A trainer doesn’t have to be the fastest, biggest or stealthiest aircraft ever, just predictable, reliable and economical. Air forces nevertheless have a long history of getting trainer programs wrong.

The problem is usually the requirement. The U.S. Air Force’s T-X requirement, seeking a replacement for the Northrop Grumman T-38, has been evolving steadily since the first industry teams formed in 2010-11 – in the direction of a bigger and more expensive aircraft.

As it did with its last all-new trainer, the Joint Primary Aircraft Training System (JPATS) that led to the Textron Beechcraft T-6, the Air Force started with the premise that there were lots of trainers in the world and that there was no need for a new airplane. As happened with JPATS, it has moved away from that position.

That’s not necessarily a bad thing. The rule of thumb is that 70% of the life-cycle cost of a military aircraft is in sustainment; research and development is only a fraction of the remaining 30%. And if you believe that there might be a truly zero-R&D solution to the T-X requirement, you have neither read your history nor the request for information (RFI) that was issued in March. 

Most likely, it was the RFI’s sustained g requirement (a threshold of 6.5 g and an objective of 7.5 g, with 80% fuel at 15,000 ft.) that eliminated the BAE Systems Hawk and the Alenia Aermacchi M346. Alenia’s partnership with General Dynamics broke up after the RFI was released. BAE’s partner, Northrop Grumman, had already announced that it was pursuing an all-new aircraft, with a demonstrator being built by Scaled Composites.

(I’m sure that will work better than the last time someone won a U.S. trainer program with the help of a prototype from Scaled. That was the Fairchild Republic T-46A “Thunderpiglet,” which the flight-test team, for good reasons, nicknamed Eliminator.)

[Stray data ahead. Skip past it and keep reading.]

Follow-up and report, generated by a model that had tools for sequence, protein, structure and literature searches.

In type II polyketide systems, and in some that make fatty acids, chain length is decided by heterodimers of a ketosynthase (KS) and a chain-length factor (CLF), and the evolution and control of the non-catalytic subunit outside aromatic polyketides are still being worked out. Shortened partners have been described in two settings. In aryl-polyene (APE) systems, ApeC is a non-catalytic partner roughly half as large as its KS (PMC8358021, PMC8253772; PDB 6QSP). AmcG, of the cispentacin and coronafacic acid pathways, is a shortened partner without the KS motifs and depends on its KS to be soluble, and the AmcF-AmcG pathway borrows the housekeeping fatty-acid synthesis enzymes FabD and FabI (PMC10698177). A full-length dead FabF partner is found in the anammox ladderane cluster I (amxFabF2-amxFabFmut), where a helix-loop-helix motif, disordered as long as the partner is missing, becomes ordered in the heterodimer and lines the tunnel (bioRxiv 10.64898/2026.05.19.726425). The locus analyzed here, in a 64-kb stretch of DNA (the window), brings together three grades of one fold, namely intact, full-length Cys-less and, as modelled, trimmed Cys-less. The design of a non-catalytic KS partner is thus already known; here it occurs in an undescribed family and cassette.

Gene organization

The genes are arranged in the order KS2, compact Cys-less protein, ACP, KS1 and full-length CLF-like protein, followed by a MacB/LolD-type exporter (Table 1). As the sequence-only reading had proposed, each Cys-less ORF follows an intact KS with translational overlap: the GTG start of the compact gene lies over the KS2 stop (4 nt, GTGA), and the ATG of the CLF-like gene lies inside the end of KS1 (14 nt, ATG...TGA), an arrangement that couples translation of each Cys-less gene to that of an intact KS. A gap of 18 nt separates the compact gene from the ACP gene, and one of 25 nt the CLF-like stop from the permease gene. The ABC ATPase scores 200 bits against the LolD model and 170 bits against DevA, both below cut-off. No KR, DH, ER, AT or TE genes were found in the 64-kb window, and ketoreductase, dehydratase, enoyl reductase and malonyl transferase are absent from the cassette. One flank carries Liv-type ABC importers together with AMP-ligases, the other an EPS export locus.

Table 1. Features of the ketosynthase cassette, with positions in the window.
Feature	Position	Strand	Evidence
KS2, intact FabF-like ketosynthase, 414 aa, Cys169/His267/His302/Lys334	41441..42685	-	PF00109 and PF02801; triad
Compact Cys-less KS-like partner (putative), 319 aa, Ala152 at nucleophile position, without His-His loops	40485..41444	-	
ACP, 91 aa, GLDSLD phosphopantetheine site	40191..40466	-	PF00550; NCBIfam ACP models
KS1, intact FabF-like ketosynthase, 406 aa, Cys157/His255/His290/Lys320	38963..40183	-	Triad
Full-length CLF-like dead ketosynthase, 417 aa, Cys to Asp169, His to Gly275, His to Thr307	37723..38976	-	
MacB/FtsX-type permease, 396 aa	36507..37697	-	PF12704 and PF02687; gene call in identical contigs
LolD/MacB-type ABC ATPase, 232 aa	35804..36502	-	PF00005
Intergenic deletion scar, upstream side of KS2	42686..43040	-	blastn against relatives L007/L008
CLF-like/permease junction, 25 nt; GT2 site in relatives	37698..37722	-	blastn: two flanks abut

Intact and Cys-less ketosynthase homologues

The change has left Boeing and Saab happy. Boeing’s announcement in 2009 that it would pursue an all-new T-X raised eyebrows at the time, and its 2013 teaming with Saab left some people further mystified. Now, Boeing has a one-year running start on Northrop Grumman, and as it becomes clear what the Air Force wants, the relevance of Saab’s small-fighter experience becomes apparent.

Lockheed Martin made noises about its own clean-sheet design, but has since insisted that it is staying with the Korean Aerospace Industries T-50. Some talk about the Textron Scorpion being a candidate, but it would mean big changes to the design and a move out of Textron’s comfort zone.

But will even three contenders show up once the request for proposals hits the street? TX is a big opportunity for Boeing, whichever way Long Range Strike Bomber goes, because of its international connections, involvement in the fighter enterprise (there will be many Boeing fighters around in 2035) and huge support business.

Northrop Grumman will need to take a very close look at its chances in a three-way T-X fight, unless it has some secret sauce – but it has not built anything that looks like T-X since the 1980s. If Northrop Grumman wins LRSB, it will have to focus on execution of that major effort, while T-X will be more important still for Boeing.

There’s still some operator pressure on the requirement. T-X has become more fighter-like because Air Combat Command has embraced the idea of “downloading” – moving training time and events from fighters to trainers. The complexity and cost of the F-22 and F-35, and the fact that they have no two-seat versions, is important – F-22 units already use T-38 companion aircraft. The fiscal 2016 budget includes a companion-trainer package for T-X, including radar, datalink and pylons.

Boeing/Saab and Northrop Grumman have already had to decide whether or not to match the supersonic speed of the T-38 and the T-50.  Supersonic speed is desirable for a companion trainer that has to emulate a threat, less so for a pure trainer: there is exactly one supersonic exercise in the Air Force’s T-38 course. The trick is to minimize the life-cycle cost of adding supersonic speed to the already demanding T-X requirement.

The next question is: What do you call an agile supersonic aircraft with provision for radar and external stores? A fighter. Not one that you would fly head-on into a nest of S-400s, but certainly something that could do air policing, event protection or armed overwatch. That could be useful for an air force worried about rising unit costs and a smaller high-end fighter fleet. Conversely, however, it might be less costly to relax the trainer specification while retaining a few specialized lead-in fighter training aircraft.

Fighter-like performance may expand the market for the contractor, but the risk is that it comes with a fighter-like price tag. Making sure that doesn’t happen is the customer’s job.